F1 Fanatic Round-up
Your daily digest of F1 news, views, features and more.
“Versus the same races last season, BBC’s Formula One ratings have increased 21 percent, whilst Sky Sports F1’s ratings have dropped 9 percent.”
“Kimi Raikkonen may yet be the man to replace Mark Webber at Red Bull according to Tony Jardine.”
“Italian newspaper Gazetta dello Sport suggested that Montezemolo would sanction the move for Raikkonen if he was the best driver available. That would of course create some interesting questions for Ferrari, with Alonso and Raikkonen forming the strongest driver line-up on the grid.”
The organisers of Valencia’s grand prix say it will be essential to reduce the fee paid to FOM if it is to remain on the calendar next year.
“I don?óÔé¼Ôäót want to let this championship get away from us. We started off really well and there is no reason why we can?óÔé¼Ôäót keep doing that.”
Fernando Alonso: “One lap of Spa is like twenty at any other track, in terms of the excitement and adrenalin it generates.”
“It was at the Swedish GP that I walked along the line of pits while the cars were being warmed up before the race. The variety of noises was wonderful, and made the adrenalin flow in anticipation of the race. The Ferraris were making that noise that only a Ferrari can make, the Matra was screaming on all 12 cylinders, the Cosworth V8s were making their hard, efficient sound and the Alfa Romeos were booming out loud and strong from their four megaphone exhaust pipes. It was glorious and each engine had its own distinctive sound and seemed to be trying to drown the sound of its rivals.”
Had some good weeks off, training intensity was very high and enjoyed the time with the family, iam ready for the 2nd half of the season ???©ÔÇÿ?ì???©?£ÔÇ?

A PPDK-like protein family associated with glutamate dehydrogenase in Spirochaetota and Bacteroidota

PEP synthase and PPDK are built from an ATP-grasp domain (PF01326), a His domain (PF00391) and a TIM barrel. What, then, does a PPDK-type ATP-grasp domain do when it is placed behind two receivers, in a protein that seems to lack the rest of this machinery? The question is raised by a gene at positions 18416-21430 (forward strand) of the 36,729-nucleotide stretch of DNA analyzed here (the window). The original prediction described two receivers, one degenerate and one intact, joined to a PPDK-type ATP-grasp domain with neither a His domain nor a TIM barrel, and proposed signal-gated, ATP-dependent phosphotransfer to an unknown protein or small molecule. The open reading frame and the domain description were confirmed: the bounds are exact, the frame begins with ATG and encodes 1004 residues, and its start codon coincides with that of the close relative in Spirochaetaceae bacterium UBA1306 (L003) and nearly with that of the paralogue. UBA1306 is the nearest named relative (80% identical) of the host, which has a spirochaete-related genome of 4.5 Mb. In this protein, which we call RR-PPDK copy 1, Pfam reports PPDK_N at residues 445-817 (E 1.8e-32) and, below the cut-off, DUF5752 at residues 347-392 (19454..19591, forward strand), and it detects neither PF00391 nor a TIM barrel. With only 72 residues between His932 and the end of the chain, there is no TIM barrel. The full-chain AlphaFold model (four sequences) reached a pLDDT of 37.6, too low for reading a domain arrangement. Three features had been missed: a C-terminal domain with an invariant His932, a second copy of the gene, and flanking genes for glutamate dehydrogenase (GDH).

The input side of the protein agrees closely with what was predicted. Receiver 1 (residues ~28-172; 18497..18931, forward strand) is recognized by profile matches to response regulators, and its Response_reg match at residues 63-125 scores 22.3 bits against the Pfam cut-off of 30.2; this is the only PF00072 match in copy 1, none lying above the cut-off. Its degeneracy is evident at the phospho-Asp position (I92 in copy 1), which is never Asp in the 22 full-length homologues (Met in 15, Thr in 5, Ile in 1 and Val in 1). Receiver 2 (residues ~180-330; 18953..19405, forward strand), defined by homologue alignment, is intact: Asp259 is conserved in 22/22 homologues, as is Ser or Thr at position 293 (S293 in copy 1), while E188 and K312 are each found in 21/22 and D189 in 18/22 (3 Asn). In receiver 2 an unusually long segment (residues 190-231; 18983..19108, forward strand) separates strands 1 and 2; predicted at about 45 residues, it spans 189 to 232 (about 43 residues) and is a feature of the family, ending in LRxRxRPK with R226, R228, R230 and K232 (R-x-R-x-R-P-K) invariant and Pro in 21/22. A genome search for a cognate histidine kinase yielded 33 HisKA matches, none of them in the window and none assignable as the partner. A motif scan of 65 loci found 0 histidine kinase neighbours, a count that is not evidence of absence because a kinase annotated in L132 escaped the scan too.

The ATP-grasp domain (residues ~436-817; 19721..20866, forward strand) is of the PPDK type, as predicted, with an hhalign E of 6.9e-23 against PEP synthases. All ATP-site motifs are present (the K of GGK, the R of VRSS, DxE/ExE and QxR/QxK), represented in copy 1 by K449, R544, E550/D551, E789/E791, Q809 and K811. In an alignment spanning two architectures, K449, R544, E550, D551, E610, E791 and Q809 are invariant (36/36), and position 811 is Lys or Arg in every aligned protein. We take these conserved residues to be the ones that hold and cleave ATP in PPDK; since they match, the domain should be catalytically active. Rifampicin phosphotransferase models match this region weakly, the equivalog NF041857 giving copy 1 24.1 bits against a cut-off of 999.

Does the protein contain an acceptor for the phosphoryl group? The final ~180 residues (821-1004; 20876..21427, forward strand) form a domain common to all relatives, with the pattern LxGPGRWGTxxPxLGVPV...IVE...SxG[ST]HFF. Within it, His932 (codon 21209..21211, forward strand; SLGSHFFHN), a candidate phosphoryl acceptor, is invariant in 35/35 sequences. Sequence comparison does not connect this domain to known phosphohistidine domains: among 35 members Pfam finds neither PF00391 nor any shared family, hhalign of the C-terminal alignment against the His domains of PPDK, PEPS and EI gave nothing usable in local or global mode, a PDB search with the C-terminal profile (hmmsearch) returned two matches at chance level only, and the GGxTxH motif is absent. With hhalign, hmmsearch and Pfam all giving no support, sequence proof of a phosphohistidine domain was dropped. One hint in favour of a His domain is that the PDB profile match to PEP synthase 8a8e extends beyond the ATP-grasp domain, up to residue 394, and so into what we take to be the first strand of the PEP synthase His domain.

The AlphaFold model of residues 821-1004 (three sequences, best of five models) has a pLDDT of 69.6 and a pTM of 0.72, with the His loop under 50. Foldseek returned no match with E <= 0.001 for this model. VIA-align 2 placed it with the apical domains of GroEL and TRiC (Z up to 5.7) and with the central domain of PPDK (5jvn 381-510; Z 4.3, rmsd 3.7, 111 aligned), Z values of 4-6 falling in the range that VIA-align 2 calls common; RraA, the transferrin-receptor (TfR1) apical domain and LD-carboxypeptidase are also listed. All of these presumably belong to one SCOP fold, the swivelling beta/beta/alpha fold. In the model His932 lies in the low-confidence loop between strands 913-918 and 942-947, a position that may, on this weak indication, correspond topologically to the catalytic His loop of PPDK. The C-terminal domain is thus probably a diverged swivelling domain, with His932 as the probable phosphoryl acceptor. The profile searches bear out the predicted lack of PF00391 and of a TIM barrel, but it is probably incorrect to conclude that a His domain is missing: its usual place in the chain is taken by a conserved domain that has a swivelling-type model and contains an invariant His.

— Giedo van der Garde (@GvanderGarde) August 20, 2013
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Comment of the day
@MazdaChris believes F1 has benefitted from having higher weight limits.
I?óÔé¼Ôäóm glad we no longer see the days of parts engineered to be so flimsy that they often failed just from the stresses of the race, endangering the lives of the drivers.
I?óÔé¼Ôäóm also glad we don?óÔé¼Ôäót see the likes of Mark Webber being penalised for their greater body mass, or see drivers on extreme diets to get their weight as low as possible, risking their health in the process.
If they hadn?óÔé¼Ôäót increased the weight limit in order to accommodate the heavier new engines, then weight would need to be pinched back from other parts of the car, making them weaker and more likely to break. All for no real gain. If you look at how fast the cars were when the weight limits were lowest, they were nowhere near as they are today.
While weight is ultimately a factor in performance, it?óÔé¼Ôäós by no means the only factor. As evidenced by the much heavier turbo cars being quicker than their lightweight naturally aspirated counterparts. All other things being equal, the heavier car is going to be slower, but in F1 all things are far from equal, and the increase in weight limit is to accommodate a raft of technical changes.
The end result is likely to be that the cars will be broadly the same speed as they are now, although perhaps faster or slower at various points on the track. To simply say that heavier is worse is nonsense, or at best a massive oversimplification.
From the forum
- Andretti trying to get Montoya back in IndyCar
- New players sought for the 2013 F1F Formula One PS3 World Championship season three
Happy birthday to Carolynn Clarke, Socalf1Fan, Adamtys and Scuderiavincero!
On this day in F1
Alfred Neubauer, who spearheaded Mercedes’ motor racing programme before and after World War Two, died on this day in 1980.
Under his leadership Mercedes achieved greater success in the pre-war period and won on their return to grand prix racing in 1954. However the programme was scrapped in 1955 after one of their cars was involved in a crash which killed over 80 spectators at the Le Mans 24 Hours.